Prof. Feldman looks to the Bible, quoting Deuteronomy 16, which instructs the Jewish people, “You shall appoint judges . . . throughout your tribes . . . and they shall render just decisions for the people. You must not distort justice; you must not show partiality. . . . Justice, and only justice, you shall pursue, so that you might live and occupy the land that the LORD your God is giving you.” Feldman points out that the whole point of having “a government of laws and not of men” is that the law will apply evenhandedly regardless of any given individual’s circumstances. This, in the long run, is better for the “little guy,” since the wealthy and powerful have a much easier time rigging the system when government is corrupt/pay-to-play. The hoi polloi don’t want a system where judges rule based on their personal predilections or preferred outcomes, particularly since federal judges are generally one percenters who run in social circles with all the other wealthy and powerful people in this country and are likely to personally prefer outcomes that would go over well with the Georgetown cocktail circuit.
Feldman looks at the three major cases that liberals are citing in support for their narrative about Gorsuch, explaining that Gorsuch’s opinions in those cases are “perfectly defensible,” “a plausible reading of the existing precedent,” and “might even be correct.” Feldman then concludes:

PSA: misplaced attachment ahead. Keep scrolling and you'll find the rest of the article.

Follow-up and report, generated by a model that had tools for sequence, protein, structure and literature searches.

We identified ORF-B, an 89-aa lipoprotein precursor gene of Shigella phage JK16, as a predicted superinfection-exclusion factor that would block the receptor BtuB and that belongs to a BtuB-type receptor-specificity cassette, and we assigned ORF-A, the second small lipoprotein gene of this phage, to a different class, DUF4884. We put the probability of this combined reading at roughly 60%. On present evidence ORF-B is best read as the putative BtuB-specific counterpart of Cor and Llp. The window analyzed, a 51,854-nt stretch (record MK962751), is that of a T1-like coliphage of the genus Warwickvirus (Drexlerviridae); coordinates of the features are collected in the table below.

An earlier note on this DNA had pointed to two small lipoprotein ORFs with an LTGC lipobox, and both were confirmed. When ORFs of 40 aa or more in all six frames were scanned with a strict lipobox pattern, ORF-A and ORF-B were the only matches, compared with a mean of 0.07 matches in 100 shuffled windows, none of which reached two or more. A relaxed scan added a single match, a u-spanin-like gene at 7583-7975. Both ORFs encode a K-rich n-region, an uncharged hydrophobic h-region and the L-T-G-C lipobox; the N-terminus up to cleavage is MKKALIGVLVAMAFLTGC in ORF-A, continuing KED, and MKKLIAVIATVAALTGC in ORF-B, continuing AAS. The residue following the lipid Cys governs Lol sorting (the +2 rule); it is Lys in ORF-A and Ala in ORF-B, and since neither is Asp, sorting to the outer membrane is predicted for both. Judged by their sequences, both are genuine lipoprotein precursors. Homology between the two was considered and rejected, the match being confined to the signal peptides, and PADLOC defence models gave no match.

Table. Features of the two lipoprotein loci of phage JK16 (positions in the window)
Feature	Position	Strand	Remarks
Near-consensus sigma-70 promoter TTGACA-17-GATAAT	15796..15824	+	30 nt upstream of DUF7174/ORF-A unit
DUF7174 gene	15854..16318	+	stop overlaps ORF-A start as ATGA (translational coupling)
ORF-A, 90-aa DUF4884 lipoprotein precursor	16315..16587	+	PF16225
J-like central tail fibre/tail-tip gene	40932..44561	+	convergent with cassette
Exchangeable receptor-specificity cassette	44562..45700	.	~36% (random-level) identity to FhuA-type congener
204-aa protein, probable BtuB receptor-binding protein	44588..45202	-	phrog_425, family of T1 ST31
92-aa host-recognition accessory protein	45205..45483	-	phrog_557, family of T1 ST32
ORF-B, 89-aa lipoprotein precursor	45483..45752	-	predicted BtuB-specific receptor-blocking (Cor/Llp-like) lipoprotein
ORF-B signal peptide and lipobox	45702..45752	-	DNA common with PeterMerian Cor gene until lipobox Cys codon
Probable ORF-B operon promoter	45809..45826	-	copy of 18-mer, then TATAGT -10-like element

It’s perfectly fine to resist Gorsuch for not adhering to a progressive jurisprudence that takes seriously the government’s duty to regulate the market. But it isn’t fine to say he should side with workers against employers or parents against school districts. The rule of law isn’t liberal or conservative – and it shouldn’t be.
Here’s the bottom line: Everyone has and is entitled to their political views, their policy preferences, and their desired outcomes in important cases that make their way up to the Supreme Court. Additionally, I, for one, agree with Justice Kagan that nominations hearings shouldn’t be pro forma sessions where the Senators ask legitimate questions and the nominees give a series of non-answers – though, to be fair, nominees’ reticence to give straight answers is an understandable, bipartisan tradition stemming from the Bork travesty. On the other hand, confirmation hearings shouldn’t be the “plebiscite” that Justice Scalia presciently warned us about nearly 25 years ago, where the hearings amount to little more than “question and answer sessions in which Senators go through a list of their constituents’ most favored and most disfavored alleged constitutional rights, and seek the nominee’s commitment to support or oppose them.” Rather, hearings should focus on the nominee’s jurisprudential philosophy, his or her methods for deciding hard cases, his or her views on how to understand and interpret the Constitution, his or her views on the canons of statutory interpretation, etc.